I’ve had many patients referred to me over the years who were in their late eighties or nineties with good size aneurysms and I’ll tell him, yeah, it might pop and if it pops, bad things might happen, but if I take you to the O.R. (Operating Room) bad things might happen. If I send you to the endovascular suite for coiling, bad things might happen and actually the risks of bad things happening when we try and fix it, they’re actually higher than the risk of you just hoping nothing goes wrong with it and I’ll just let them go on their way.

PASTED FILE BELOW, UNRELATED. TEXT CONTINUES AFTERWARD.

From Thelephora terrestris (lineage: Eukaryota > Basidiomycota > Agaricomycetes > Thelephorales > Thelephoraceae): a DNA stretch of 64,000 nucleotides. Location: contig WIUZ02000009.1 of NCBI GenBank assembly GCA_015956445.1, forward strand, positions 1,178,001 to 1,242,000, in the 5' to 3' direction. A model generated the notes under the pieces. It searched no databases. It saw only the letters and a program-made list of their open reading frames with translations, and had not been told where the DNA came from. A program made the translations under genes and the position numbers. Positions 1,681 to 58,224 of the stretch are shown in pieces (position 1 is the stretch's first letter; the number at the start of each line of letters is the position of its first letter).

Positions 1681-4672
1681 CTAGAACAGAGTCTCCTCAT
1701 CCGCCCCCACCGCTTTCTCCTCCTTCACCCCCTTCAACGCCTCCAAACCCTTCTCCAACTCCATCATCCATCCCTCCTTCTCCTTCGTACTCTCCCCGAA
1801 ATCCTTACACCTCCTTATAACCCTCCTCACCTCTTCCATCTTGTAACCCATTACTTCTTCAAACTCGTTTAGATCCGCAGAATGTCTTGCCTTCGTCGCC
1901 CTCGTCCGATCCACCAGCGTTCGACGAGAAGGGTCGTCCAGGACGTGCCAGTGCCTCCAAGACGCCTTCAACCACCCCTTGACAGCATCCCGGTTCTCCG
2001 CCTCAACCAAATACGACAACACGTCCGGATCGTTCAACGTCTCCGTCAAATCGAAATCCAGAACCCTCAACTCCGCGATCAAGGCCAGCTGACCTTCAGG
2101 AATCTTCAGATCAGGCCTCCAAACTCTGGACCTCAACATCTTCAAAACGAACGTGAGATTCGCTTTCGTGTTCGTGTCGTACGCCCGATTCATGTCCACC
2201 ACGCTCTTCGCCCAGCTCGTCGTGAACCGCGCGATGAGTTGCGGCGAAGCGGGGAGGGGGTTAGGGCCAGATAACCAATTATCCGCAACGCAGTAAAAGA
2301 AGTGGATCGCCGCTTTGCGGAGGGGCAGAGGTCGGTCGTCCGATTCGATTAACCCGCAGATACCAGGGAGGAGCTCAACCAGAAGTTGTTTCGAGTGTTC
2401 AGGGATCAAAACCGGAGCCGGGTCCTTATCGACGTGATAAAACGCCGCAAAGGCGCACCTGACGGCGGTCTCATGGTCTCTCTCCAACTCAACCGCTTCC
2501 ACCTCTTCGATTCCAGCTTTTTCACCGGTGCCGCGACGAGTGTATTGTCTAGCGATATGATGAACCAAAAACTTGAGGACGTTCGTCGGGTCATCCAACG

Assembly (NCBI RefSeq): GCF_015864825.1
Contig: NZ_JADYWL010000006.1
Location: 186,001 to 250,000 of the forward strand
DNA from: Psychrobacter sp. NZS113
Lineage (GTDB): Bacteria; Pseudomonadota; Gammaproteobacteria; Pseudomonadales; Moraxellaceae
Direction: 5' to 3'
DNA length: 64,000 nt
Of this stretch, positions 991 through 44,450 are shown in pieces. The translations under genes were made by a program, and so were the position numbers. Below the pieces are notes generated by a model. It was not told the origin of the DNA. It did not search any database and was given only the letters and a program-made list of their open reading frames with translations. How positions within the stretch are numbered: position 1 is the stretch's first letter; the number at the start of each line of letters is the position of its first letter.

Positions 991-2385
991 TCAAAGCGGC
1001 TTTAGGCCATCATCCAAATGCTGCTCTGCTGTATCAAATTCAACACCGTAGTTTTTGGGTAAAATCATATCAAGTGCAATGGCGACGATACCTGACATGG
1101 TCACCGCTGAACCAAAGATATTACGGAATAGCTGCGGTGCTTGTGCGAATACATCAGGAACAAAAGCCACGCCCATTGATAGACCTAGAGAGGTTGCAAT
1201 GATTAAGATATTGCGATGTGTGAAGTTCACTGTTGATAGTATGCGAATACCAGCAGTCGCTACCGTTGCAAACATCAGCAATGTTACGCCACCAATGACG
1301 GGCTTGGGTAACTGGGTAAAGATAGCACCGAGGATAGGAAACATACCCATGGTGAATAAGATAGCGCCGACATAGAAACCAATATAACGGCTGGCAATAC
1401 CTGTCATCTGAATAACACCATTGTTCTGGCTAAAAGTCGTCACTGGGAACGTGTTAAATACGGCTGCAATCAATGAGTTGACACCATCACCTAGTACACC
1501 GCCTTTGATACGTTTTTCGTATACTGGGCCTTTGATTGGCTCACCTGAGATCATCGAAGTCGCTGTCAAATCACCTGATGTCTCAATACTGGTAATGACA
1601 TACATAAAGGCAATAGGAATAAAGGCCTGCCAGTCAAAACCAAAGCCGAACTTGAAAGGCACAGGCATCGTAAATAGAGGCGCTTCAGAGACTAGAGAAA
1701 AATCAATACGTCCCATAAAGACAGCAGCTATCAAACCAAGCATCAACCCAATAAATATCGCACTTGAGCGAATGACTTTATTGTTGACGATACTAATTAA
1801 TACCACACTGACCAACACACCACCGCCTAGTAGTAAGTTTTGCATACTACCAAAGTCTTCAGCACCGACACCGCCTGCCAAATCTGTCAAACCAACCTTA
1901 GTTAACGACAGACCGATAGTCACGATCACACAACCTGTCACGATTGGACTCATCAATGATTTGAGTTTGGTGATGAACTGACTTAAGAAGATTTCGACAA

Let’s say the aneurysm is large enough where there’s a pressing reason why it should be treated. How should we treat it well? This is a moving target. Twenty years ago the answer was simple. If you had a bad aneurysm, it should be obliterated and almost universally the way to obliterate it was with opening the head up, opening the covering of the brain, dissecting down to where the aneurysm was, inputting a little metal clip across the neck of the aneurysm, like a clothes pin, to clamp it off and separate it so that blood couldn’t get into it anymore and that would get rid of the aneurysm. Over the last couple of decades, there’s been tremendous innovation in techniques of getting rid of aneurysms by going through the arteries, so an endovascular neurosurgeon or neurologist or radiologist, (all endovascular trained people in all three disciplines) can take a catheter and put it in the artery in your leg, and then snake the catheter up to the neck and up into the brain and then they can perch that catheter inside the artery near the aneurysm. They can then fill the aneurysm with some coils, looking like sort of a basket weave of a material made out of platinum, and sort of fill the aneurysm up so it clots off and blood can’t get into the aneurysm.